Had 'em since 8.0 came out.
    [quote] 8. I/O On Linux you’re currently limited to innodb_file_io_threads=4. Some people do not know it but setting it to different values does not have any effect In certain cases multiple threads for some tasks would be helpful, especially for flushing dirty buffers. I would actually like to see it separated to different options - for example it does not make much sense to have more than one log flush thread. The other big lacking (especially as patch for it existed for years) is Async IO support in Linux. It should be very helpful with direct IO as well as with innodb_file_per_table=1 allowing to flush all of modified tablespaces in the parallel.[quote]

    PostgreSQL is not built around a threaded model, but multi-process. Not sure how much about it and MySQL's innodb would be common.

    9. Multiple page sizes. One size does not fit all and for certain workloads 16K is too much while for some others too little. Being able to specify page size per object or at least per tablespace would be great. This will complicate buffer management a bit but Innodb is already to deal with 2 page sizes by supporting compressed pages so it might be not that bad. Also other guys are able to handle it - even MyISAM has 1K-4KB key blocks so it is well possible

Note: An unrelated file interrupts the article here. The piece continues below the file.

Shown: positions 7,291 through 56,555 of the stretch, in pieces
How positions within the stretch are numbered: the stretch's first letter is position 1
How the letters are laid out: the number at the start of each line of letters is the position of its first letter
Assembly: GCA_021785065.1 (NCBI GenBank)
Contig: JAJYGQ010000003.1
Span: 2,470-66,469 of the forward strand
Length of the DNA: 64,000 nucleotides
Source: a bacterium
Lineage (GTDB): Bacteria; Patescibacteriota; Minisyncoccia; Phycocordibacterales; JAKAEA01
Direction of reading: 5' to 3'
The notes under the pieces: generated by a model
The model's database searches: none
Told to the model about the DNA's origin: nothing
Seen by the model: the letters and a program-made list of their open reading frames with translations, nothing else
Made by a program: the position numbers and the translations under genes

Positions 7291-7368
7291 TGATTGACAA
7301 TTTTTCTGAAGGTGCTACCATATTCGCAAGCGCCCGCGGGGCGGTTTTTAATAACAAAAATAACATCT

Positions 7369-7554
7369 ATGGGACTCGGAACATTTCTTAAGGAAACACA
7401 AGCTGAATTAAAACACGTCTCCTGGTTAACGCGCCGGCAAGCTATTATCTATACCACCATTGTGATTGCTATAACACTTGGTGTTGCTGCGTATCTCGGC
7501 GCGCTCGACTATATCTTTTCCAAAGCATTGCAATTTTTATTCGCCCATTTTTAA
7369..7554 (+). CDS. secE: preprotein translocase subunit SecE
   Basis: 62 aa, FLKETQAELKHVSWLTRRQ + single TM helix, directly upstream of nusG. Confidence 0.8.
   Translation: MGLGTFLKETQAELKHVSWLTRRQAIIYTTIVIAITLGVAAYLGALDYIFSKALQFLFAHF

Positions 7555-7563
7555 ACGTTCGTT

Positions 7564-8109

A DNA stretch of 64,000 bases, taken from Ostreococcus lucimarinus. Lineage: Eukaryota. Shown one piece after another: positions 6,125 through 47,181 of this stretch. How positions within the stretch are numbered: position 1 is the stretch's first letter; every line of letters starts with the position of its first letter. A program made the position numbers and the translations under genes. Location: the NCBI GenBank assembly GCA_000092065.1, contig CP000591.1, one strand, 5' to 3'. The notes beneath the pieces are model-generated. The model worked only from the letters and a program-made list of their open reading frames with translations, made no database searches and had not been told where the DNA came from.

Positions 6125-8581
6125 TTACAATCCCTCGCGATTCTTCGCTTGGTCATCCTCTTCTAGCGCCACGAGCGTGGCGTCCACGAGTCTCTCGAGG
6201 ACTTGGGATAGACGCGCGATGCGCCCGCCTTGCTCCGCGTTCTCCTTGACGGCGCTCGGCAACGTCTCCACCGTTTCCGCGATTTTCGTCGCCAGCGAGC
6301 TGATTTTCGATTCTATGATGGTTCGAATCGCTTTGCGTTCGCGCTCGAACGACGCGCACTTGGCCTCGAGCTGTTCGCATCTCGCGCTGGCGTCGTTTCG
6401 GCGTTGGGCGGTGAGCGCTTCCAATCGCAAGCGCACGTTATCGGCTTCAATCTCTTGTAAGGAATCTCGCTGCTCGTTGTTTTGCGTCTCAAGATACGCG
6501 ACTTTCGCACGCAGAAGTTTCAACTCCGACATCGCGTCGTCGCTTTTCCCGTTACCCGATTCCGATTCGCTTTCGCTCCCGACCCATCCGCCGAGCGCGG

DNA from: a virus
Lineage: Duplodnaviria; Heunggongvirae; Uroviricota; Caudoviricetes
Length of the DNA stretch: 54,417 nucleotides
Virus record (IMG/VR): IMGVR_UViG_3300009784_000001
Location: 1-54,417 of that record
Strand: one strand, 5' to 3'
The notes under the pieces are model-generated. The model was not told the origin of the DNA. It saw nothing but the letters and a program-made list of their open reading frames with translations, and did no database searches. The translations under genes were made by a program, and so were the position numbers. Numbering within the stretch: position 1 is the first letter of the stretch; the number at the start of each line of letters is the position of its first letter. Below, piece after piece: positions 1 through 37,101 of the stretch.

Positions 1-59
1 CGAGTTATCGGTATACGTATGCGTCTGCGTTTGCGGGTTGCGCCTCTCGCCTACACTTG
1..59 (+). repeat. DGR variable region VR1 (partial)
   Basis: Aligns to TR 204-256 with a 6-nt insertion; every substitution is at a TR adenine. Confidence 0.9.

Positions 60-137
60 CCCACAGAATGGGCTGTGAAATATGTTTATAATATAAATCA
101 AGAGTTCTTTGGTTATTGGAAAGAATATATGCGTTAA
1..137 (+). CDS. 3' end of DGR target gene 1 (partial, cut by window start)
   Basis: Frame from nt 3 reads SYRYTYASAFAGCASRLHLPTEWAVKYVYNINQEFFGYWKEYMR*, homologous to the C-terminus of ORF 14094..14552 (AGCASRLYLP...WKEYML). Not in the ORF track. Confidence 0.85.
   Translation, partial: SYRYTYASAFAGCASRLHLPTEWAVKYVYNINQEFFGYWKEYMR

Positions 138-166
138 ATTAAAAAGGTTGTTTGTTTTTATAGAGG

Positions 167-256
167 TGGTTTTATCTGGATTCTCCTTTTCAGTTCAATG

Given the small difference gain in going to block sizes under 8k, I have a hard time getting excited over this idea. It just doesn't seem worth th effort of development for what I'm willing to be is a very small gain, given modern hard drive and raid controller's read ahead buffering and what not.

    10. Scalability It is actually bug but it is so bad I will list it. Basically Innodb has problems scaling both with large number of active threads and with large number of CPUs (in this bug you can see it is too bad even with 4 concurrent queries). The problem seems to be at least partially due to global mutexes in many places so it is not easy to fix. But I guess Heikki will have to do it otherwise with raise of MultiCores Innodb will become unusable for more and more types of workloads